Mr Wilson: Will the Member accept that the fantasy economics extends even further than that? On one hand, they claim that there will be £1,500 million lost to claimants as a result of welfare reform over the next five years, yet they believed that, by negotiating with the Government before Christmas for slightly above £500 million, they could ensure that none of the people who will be affected would lose out and that £500 million would cover £1,500 million of reductions. Does he not think that that maybe shows that their grasp of numbers is not great?
Mr Campbell: I thank the Member for his intervention. I think he was underselling it a bit when he said that their grasp of the numbers is "not great". "Not great" does not come close. The reality is that we have a Conservative Government in place for, in all likelihood, five years. The subvention is £10 billion a year. People ask why we cannot go it alone. It is 50 billion of those over the next five years — 50 billion of those. That is why we cannot go it alone.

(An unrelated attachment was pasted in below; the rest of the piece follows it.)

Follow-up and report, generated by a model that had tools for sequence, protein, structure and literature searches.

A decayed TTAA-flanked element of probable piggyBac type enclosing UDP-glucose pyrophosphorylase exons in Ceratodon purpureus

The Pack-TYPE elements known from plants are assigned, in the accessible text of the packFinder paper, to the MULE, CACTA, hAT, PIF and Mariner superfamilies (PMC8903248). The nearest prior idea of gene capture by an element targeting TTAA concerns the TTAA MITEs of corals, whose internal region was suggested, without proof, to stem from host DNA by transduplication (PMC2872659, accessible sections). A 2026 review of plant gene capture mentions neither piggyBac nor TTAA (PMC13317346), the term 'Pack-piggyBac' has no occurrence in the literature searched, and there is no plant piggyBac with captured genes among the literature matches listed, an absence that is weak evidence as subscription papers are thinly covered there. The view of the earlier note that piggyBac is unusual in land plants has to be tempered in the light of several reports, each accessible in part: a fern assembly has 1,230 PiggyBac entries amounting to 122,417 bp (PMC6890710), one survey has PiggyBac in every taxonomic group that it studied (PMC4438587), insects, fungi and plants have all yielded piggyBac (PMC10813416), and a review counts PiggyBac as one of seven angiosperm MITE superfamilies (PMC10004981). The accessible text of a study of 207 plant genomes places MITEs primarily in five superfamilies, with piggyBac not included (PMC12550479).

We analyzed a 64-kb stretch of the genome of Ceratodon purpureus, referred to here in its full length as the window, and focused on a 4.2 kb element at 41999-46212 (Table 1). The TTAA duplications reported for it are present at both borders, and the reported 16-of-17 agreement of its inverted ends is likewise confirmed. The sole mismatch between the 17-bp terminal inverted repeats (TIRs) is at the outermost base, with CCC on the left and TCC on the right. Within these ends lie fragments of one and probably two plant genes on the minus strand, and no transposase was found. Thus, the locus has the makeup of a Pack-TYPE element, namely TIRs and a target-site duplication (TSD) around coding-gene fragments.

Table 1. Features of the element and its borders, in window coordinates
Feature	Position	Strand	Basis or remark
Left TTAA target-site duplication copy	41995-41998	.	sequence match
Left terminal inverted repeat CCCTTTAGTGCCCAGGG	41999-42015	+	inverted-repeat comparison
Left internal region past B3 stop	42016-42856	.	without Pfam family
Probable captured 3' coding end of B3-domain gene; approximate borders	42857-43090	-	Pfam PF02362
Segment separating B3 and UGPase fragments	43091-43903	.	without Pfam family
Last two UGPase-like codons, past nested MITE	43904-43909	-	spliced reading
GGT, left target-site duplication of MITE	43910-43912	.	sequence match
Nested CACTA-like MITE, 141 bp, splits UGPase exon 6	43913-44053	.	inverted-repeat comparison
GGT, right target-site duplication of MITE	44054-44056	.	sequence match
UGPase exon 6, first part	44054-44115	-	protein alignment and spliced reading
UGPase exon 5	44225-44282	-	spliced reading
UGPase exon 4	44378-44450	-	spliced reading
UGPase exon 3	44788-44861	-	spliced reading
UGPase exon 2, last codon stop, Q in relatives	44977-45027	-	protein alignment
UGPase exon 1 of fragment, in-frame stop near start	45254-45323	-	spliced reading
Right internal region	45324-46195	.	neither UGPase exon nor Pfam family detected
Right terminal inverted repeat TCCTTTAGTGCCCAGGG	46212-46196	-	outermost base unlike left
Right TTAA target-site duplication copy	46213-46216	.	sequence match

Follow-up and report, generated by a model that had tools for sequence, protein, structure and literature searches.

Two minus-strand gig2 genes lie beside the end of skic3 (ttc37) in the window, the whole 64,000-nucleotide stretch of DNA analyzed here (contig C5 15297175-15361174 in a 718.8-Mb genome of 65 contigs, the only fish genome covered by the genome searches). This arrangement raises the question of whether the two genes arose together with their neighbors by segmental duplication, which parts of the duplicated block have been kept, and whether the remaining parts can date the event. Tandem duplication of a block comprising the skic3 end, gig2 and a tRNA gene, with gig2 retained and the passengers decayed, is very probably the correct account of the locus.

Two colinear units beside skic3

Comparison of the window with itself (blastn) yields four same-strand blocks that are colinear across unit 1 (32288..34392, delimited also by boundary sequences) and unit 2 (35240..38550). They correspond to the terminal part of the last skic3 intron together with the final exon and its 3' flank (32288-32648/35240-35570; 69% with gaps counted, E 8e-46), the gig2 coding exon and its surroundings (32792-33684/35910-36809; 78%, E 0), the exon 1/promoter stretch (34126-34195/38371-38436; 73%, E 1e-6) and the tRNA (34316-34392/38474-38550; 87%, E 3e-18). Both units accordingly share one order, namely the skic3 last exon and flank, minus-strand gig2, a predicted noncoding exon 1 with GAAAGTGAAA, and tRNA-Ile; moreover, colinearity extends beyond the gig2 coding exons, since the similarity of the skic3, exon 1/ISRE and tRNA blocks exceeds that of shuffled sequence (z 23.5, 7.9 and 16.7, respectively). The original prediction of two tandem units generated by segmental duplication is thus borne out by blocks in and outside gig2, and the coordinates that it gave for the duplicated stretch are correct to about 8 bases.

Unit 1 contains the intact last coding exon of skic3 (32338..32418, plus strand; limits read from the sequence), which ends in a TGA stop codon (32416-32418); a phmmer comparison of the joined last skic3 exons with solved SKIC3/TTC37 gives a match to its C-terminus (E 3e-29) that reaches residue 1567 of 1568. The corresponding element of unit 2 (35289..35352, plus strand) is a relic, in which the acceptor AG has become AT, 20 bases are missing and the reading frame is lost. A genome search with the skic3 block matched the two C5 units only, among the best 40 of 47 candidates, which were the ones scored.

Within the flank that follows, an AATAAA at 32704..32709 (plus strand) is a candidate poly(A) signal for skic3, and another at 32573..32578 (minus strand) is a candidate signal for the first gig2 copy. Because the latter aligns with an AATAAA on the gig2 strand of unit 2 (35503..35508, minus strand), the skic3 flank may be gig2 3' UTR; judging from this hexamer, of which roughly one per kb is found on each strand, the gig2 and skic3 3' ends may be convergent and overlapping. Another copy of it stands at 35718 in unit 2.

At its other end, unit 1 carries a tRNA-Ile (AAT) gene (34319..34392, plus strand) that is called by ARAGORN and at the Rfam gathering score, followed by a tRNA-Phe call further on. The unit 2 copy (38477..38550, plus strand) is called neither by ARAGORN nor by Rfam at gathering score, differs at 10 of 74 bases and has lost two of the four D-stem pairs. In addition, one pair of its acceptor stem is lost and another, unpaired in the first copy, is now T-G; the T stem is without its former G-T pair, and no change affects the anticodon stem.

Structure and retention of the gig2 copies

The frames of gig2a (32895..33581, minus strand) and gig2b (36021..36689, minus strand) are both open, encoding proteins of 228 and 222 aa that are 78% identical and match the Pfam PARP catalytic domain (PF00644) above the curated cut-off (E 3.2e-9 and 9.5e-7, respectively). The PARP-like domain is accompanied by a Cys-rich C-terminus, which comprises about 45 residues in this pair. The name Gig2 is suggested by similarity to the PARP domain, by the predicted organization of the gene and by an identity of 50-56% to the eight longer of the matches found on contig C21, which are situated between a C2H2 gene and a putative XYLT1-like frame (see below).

I have heard a lot about anti-austerity. I remember, and I am sure many here remember, that, four months ago, the talk across Europe, in Spain, Italy and various countries, was that anti-austerity parties were on the rise, which they were; that they were getting more votes, which they were, and that they were becoming more strident in their demands. Then, four months ago this weekend past, an anti-austerity party was not just on the rise, but became the Government of Greece. Then we heard, "You are going to see stuff happen now; you are going to see austerity confronted and smashed." What do we see four months later? The Greeks are at the IMF, saying, "Please, can you bail us out? Please, can you do something? We cannot meet your demands." So much for the mighty anti-austerity measures and the great anti-austerity party. I wonder where Sinn Féin, the great anti-austerity party of Groucho Marx rather than Karl Marx, will be?
The reality is that we are where we are. We have got to cut our cloth. People might not like it — I do not like it — but it does not change where we are. We have got to get on, mitigate what we can, do our best for those in need and do our best to secure the best deal — and we have got the best deal in the United Kingdom — or else it gets an awful lot worse. I support the Bill.